BJP’s annual Cool + Noteworthy issue is back, presenting the people, places and projects that have caught our eye over the past year.
Among this year’s noteworthies is the photographer behind our cover story, Tyler Mitchell, who became the first black cover photographer of American Vogue when he shot Beyoncé for the September 2018 issue. He tells the BJP about his new-found mission since returning home after living in London: “I realised I have a responsibility to be, specifically, a black American photographer and filmmaker.”
We also spotlight Kensuke Koike, a Japanese collagist who gives new life to old photo albums. Koike has attracted a loyal following on Instagram with his savvy cut-and-move videos, making his latest book one of the most anticipated on 2018. Feng Li is another newcomer who has made waves in fashion photography over the past year. This issue we feature Li’s playful fashion shoot in his native Chengdu, a creative city on the rise in China.
Publications we loved, and the big news stories from the last month in photobooks – featuring work by Peng Ke, Tom Wood, Paul Reas, Vivian Maier and the post-war PROVOKE group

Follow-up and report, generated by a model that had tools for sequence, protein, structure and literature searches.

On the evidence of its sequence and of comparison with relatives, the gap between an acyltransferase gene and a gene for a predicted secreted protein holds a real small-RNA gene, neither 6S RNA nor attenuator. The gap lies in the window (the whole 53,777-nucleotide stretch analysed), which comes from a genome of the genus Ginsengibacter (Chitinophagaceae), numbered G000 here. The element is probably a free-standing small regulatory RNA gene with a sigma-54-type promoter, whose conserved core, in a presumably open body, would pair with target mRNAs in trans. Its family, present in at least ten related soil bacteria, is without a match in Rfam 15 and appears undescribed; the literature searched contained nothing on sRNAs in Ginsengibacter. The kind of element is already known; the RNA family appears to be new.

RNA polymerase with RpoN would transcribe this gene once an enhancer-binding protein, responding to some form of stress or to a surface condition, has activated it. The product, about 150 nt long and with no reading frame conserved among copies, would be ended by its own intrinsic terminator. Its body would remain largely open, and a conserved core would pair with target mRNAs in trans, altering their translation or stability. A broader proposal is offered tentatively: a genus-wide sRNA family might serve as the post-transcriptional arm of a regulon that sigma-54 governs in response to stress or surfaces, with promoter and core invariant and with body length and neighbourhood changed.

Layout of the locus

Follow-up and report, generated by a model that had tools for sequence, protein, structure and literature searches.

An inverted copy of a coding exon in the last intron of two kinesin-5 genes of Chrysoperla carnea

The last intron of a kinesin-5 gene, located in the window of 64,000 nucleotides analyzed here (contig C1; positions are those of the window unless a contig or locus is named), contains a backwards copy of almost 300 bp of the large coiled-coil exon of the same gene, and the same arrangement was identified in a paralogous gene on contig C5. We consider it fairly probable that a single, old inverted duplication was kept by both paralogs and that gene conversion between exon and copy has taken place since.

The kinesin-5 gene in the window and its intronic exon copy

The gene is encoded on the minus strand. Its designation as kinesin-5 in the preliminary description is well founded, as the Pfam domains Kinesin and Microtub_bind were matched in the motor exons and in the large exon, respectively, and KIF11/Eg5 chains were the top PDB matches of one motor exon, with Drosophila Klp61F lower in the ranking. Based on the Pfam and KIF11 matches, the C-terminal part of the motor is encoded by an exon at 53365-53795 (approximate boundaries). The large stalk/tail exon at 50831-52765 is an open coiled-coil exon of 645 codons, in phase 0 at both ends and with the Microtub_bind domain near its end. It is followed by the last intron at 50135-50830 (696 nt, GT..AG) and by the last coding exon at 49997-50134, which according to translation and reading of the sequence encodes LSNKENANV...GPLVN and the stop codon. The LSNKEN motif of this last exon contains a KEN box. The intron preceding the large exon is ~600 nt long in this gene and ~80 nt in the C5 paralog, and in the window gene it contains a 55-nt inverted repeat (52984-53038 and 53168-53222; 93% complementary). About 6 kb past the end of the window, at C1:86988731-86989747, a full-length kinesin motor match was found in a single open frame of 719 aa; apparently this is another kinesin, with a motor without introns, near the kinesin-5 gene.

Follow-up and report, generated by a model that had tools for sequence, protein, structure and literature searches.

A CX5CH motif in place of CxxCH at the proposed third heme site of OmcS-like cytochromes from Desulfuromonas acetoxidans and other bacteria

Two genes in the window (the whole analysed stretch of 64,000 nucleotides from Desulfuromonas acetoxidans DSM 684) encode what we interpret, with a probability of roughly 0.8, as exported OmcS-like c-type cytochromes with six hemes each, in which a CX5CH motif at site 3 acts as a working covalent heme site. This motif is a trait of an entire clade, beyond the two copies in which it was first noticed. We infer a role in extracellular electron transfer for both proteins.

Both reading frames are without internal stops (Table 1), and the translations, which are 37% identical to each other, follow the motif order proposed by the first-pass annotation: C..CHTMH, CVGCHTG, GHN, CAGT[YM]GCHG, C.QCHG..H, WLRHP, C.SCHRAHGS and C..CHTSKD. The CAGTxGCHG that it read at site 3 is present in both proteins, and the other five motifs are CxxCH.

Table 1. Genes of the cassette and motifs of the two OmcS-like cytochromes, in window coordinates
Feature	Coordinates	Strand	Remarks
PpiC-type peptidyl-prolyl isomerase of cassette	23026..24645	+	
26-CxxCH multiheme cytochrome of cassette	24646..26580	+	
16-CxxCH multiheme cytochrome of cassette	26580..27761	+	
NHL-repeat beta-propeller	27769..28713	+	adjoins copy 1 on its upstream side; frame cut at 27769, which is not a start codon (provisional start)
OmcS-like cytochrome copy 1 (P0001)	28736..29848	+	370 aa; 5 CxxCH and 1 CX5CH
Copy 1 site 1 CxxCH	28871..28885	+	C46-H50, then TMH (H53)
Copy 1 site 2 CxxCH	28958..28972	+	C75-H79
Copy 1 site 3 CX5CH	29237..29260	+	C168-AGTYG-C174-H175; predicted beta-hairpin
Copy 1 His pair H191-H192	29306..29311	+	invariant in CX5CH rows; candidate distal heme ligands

Out of nearly 1000 submissions, the winners for this years Paris Photo/Aperture Foundation Photobook Awards, established in 2012 to celebrate the photobook’s contribution to the narrative of photography, have been announced at Paris Photo.
The Photobook of the Year award went to Laia Abril, for part one of her long-term project, A History of Misogyny, Chapter One: On Abortion (Dewi Lewis). The project is not about the experience of abortion itself, but about the repercussions for women who do not have access to legal, safe or free abortions, forcing them to consider dangerous alternatives that cause physical and mental harm.
“I like objects that don’t have much of a style. Like patterns in colouring books, clean black lines, and primary colours. Things that aren’t trying to sell you an ideology or concept,” says Peng Ke, who calls from her home in Shanghai, where she has just closed her first solo exhibition in the city, I Have Seen Many People Although They Have Not Seen Me. “Most visual languages are so coded, so if I see things that are almost innocent, they really stand out to me.”
Peng Ke’s exhibition coincided with the launch of Salt Ponds, her first book published by Jiazazhi. The project has been ongoing for five years now, but only became a solid body of work after her friend and graphic designer Pianpian He approached her to collaborate on a book. It began in the cities where Peng’s parents grew up, and quickly expanded to other fast developing, smaller cities in China. Though they are shot hundreds of miles apart, her photographs are anonymous; you can never tell which city she is in. So the project became less about her own hometown, and more about the collective experience of Chinese people who live in these places, “because in a way, everyone comes from the same city”.